[Advaita-l] ’upAsana' and 'bhakti'

Ramesh Krishnamurthy rkmurthy at gmail.com
Tue Feb 28 23:25:18 CST 2012

Namaste Subbu-ji,

Regarding your view on the equivalence of upAsana and bhakti.

For once, and probably the first time ever, I must say that I respectfully
disagree with your view. I fully accept that the terms are often used
interchangeably, but there are important technical points that
differentiate the two.

If one uses the word bhakti in an extremely fluid sense, to mean anything
from conventional bhakti bhAva to upAsana to dhyAna to AtmavichAra, then
pretty much anything can be equated with bhakti. There are contexts where
such fluid usage is justified, but if one is to develop an insightful
understanding of the matter and have a meaningful discussion on it, then
some boundaries need to be imposed on the usage of terms.

There is a certain bhAva which comes out very clearly in the works of the
medieval bhakti saints, such as mIrAbAI, sUrdAs, tukArAm, etc. The bhAva is
one of an intense, deeply emotional relationship with their deities, a
bhAva that is much celebrated in Indian literature ever since.

The situation of the adept mantravAdin, however, is markedly different. The
focus here is on **correct application of the mantra**. In many systems of
the mantra-shAstra, it is common to consider the mantra itself to be the
deity (this comes as a shock to many people), and the focus is not on an
intense personal relationship but on getting the details of the mantra
deployment right, including pronunciation, accent, sequence, ritual steps
(if applicable), etc.

Strictly speaking, upAsana is a *process* rather than a bhAva, whereas
bhakti is a bhAva and not a process. One *has* bhakti, but one *performs*
upAsana. The grammatical distinction itself is enough to show that the two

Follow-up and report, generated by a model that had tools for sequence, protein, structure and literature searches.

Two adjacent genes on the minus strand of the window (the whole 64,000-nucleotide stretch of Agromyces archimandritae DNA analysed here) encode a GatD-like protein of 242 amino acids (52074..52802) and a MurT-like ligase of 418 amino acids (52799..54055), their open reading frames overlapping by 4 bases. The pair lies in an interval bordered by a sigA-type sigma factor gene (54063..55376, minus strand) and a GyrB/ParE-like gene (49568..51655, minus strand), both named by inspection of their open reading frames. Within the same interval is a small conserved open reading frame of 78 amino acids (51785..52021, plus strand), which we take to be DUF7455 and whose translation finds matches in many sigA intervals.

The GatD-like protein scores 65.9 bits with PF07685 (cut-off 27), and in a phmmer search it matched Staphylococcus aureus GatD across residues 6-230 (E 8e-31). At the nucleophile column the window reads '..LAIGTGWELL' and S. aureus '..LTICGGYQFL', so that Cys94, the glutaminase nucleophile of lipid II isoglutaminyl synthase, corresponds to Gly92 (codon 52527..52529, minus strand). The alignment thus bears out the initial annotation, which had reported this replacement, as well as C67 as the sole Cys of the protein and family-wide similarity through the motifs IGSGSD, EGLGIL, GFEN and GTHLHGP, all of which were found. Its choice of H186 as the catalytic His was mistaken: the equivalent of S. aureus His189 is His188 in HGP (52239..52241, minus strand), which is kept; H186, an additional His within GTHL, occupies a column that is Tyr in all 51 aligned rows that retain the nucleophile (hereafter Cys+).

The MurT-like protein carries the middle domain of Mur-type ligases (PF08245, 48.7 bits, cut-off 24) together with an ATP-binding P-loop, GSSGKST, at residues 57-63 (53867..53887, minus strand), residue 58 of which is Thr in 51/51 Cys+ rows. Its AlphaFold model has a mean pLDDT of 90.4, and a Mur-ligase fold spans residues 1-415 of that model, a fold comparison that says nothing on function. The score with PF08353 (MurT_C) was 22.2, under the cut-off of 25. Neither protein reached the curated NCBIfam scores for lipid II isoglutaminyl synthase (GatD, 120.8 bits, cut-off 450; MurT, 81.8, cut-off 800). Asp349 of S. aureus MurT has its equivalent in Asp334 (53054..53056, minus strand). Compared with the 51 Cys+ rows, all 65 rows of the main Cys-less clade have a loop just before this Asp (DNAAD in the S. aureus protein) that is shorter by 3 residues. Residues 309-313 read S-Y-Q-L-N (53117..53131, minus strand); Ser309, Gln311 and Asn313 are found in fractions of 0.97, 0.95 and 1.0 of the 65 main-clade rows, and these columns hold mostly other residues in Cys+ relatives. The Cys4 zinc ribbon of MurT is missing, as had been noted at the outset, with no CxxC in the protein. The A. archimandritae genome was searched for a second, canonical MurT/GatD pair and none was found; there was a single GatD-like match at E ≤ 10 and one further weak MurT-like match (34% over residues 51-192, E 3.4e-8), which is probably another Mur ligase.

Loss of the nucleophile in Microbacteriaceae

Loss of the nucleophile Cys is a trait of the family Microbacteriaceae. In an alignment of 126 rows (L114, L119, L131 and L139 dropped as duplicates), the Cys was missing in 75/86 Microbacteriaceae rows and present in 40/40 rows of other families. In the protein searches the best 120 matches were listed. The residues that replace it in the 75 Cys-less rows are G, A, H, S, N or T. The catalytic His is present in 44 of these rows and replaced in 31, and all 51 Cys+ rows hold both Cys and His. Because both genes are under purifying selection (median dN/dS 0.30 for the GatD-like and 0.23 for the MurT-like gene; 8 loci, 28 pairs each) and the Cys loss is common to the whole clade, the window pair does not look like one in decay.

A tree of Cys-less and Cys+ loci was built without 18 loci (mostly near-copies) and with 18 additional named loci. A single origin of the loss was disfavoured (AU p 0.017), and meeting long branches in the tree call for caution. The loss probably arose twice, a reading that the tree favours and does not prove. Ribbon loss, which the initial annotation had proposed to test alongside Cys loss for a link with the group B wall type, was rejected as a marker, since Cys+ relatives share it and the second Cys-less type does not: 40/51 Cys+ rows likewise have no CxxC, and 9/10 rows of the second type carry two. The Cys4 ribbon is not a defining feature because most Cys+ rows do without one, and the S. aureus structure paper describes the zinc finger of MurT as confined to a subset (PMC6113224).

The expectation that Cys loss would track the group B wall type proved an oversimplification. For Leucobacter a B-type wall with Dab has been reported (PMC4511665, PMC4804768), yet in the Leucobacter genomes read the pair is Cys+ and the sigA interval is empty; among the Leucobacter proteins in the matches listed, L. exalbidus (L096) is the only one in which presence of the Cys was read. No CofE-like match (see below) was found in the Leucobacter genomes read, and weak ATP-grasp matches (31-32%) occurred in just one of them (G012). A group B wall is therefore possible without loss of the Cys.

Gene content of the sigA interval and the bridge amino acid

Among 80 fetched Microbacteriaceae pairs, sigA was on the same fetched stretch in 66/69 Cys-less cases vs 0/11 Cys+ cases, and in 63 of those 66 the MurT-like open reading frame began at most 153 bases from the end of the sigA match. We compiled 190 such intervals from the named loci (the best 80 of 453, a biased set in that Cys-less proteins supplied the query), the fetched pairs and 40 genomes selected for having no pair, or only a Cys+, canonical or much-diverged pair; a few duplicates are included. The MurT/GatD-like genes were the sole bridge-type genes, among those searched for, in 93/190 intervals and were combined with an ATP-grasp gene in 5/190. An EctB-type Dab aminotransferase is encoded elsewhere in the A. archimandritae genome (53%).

are not synonymous.

In a general sense, upAsana may be categorized under karma, but in contexts
where it is categorized separately from karma (as in the bhAgavatam verse
you quote), karma is used to mean physical action and upAsana to mean
mental action.

However, please note that the arguments against j~nAnakarmasamuchchaya (and
you will surely accept that the vedAnta shAstra is full of arguments
against j~nAnakarmasamuchchaya) apply to upAsana also. This itself rules
out an equation between upAsana and bhakti.

Now, all this does not in any way mean that the adept mantravAdin cannot be
a bhakta or vice-versa. No two people have exactly the same temperament,
and an individual may combine these in various ways to suit his or her
requirements. The description provided in the book "Yoga Enlightenment and
Perfection" only shows that the AchArya was an adept in the yogashAstra and
the mantrashAstra, in addition to displaying bhakti bhAva. This does not
mean that every bhakta will also be a mantravAdin, or vice-versa.

Now, one could argue that there is a certain functional equivalence. Just
as the bhakta's mind is centred on his personal deity, the mantravAdin is
absorbed in his mantra practice. Either way there is a certain ekAgratA
achieved and one may even go all the way up to samAdhi. For that matter,
one may achieve the same end through other methods such as focusing on
one's breath.

The quotes from sha~Nkara and Anandagiri you mentioned do not in any way
*equate* upAsana and bhakti. All sha~Nkara does is to broadly define
upAsana in terms of focusing one's thought on a particular object. But
there is nothing to suggest that such an object must be a deity with whom
one has an intense personal relationship. In fact, the object can very well
be a mantra, yantra, breath, etc. Also, focusing one's thought involves
process and this again brings out the distinction.

It may be argued that a bhakta will naturally keep thinking, or at least
try to keep thinking, of his deity; so every bhakta is an upAsaka of sorts.
Even so, there is still a distinction in emphasis (bhAva versus process)
and also, every upAsaka need not be a bhakta.

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